As Southeast Asia continues to follow the example of Europe by integrating its economies, the plan to link the stock exchanges of Vietnam with those of its neighbors later this year is facing some new hurdles — mostly technical and regulatory problems.
The ASEAN nations aim to become a singular (and powerful) 10-nation economic community by 2015. The public equity markets of Singapore and Malaysia are to be linked in June, followed later by Thailand, Philippines, Indonesia and Vietnam — creating an aggregate market capitalization of $2 trillion and allowing investors to trade shares in any of the participating markets while settling the transactions at home.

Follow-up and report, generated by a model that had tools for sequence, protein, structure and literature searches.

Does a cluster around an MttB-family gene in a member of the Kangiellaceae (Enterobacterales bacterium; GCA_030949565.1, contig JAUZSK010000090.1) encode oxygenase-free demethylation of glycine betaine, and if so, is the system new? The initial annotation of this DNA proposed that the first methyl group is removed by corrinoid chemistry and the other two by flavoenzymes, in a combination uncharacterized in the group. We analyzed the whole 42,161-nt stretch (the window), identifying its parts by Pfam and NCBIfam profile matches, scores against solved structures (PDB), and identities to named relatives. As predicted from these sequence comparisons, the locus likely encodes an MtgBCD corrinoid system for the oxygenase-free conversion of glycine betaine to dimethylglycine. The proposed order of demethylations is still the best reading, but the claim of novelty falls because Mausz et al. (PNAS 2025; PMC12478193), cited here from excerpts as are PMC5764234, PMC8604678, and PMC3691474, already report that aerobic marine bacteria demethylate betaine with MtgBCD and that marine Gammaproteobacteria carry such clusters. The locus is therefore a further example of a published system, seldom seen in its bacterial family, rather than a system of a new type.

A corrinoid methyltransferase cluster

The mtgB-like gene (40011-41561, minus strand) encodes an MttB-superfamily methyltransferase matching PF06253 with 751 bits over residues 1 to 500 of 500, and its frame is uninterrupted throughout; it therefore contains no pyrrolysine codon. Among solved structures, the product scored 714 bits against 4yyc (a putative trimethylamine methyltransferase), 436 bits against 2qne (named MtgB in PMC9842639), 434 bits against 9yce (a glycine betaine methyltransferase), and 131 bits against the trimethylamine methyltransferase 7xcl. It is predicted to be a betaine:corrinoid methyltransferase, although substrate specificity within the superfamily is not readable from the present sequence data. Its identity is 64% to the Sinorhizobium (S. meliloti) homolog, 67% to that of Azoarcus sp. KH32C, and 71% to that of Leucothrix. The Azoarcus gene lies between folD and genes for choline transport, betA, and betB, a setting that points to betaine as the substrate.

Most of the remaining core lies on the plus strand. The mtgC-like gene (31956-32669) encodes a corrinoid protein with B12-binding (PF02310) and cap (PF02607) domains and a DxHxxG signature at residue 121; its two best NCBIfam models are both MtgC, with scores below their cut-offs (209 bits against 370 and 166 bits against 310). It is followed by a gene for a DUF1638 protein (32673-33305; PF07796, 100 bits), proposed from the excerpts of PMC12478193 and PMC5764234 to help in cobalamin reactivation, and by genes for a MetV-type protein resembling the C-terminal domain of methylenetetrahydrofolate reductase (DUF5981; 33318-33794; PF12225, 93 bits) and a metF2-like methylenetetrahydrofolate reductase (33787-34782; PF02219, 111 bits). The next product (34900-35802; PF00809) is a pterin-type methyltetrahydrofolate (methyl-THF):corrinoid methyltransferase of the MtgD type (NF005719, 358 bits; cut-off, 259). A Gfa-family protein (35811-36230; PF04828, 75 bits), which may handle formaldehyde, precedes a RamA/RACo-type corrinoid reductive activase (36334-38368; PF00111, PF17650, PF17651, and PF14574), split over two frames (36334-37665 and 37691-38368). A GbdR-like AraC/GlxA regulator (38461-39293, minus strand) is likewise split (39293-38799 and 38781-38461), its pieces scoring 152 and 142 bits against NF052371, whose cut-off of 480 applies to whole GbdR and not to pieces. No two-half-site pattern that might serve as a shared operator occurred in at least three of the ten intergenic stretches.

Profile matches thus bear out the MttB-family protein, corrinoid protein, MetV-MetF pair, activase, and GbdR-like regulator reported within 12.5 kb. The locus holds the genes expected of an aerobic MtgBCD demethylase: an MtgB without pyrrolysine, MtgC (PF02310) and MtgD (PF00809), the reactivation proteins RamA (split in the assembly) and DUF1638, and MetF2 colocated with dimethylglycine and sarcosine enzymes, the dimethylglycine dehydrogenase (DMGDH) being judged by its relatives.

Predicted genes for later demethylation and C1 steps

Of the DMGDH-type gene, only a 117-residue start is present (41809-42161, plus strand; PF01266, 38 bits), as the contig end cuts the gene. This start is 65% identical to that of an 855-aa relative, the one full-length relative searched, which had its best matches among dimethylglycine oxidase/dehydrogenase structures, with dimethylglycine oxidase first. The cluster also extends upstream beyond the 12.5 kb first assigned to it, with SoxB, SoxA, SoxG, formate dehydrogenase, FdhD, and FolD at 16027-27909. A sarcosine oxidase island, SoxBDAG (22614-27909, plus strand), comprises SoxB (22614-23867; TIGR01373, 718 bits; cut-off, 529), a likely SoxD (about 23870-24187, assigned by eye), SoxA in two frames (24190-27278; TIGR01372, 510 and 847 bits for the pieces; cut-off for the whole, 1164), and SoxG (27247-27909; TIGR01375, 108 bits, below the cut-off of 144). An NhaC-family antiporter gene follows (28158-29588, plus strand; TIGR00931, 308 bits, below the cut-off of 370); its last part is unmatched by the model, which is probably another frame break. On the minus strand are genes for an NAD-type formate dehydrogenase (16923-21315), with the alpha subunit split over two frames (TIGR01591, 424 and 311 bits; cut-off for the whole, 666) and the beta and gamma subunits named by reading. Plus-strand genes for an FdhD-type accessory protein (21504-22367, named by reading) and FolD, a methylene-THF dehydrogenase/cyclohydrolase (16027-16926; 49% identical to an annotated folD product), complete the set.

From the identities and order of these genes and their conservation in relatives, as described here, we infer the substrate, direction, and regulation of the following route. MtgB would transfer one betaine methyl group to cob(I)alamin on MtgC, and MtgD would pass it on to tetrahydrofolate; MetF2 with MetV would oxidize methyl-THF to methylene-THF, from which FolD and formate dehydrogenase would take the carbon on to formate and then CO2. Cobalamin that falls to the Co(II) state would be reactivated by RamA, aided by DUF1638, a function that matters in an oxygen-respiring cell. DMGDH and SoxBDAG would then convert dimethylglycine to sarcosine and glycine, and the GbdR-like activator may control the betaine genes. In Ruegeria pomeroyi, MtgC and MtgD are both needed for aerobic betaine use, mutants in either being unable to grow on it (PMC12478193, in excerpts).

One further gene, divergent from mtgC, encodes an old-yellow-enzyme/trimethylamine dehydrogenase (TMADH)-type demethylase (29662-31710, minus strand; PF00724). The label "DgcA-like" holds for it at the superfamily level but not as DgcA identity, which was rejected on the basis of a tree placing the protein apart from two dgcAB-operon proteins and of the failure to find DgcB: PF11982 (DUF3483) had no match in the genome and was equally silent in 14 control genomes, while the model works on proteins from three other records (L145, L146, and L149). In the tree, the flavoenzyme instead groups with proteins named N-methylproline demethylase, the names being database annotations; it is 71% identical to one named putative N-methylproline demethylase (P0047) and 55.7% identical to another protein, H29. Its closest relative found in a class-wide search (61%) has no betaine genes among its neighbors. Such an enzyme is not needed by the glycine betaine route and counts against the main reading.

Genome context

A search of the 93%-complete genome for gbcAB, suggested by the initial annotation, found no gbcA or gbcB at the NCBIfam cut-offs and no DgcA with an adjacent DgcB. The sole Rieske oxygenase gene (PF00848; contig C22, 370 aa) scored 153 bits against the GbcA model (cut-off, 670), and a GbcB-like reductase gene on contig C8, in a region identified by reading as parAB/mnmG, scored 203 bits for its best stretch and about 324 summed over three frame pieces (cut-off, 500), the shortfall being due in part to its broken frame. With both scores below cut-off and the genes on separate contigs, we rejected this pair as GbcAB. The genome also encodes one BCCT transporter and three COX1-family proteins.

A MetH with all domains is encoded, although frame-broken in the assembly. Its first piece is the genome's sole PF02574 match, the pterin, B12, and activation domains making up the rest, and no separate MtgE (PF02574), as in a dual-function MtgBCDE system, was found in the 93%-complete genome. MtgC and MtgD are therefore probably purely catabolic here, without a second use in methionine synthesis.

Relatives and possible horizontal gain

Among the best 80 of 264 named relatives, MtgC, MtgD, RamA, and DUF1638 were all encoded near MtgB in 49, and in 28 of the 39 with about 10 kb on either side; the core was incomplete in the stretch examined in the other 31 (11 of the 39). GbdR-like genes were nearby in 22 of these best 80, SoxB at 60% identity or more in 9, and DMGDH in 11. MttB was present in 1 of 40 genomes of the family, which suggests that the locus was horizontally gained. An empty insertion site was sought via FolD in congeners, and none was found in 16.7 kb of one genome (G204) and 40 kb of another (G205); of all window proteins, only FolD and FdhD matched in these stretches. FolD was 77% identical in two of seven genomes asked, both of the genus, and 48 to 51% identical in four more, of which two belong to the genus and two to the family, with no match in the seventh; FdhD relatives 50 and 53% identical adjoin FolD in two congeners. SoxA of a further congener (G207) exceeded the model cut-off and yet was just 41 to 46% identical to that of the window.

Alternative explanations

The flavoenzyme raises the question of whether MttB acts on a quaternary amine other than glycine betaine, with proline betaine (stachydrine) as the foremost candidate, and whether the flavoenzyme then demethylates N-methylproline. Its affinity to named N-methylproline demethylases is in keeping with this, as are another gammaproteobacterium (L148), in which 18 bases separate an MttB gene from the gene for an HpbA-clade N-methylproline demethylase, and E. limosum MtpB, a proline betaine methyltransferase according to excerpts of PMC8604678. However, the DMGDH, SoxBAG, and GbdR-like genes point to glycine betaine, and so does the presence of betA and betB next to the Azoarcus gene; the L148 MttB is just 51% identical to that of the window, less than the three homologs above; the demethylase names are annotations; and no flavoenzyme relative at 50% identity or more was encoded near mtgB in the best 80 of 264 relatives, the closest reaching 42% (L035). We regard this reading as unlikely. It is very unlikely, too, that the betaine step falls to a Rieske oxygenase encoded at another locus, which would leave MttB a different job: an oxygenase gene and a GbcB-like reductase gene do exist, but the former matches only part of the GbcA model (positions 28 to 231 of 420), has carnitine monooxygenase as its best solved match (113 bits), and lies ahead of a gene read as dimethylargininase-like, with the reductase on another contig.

Ultimately, the ASEAN stock markets are to be connected to those in Europe and the U.S. But technological and regulatory challenges appear to be slowing down the process as investors elsewhere are finding out that the region, like Europe, is anything but monolithic: Because Southeast Asia has diverse business and investment cultures, economic integration will need to take place step by step.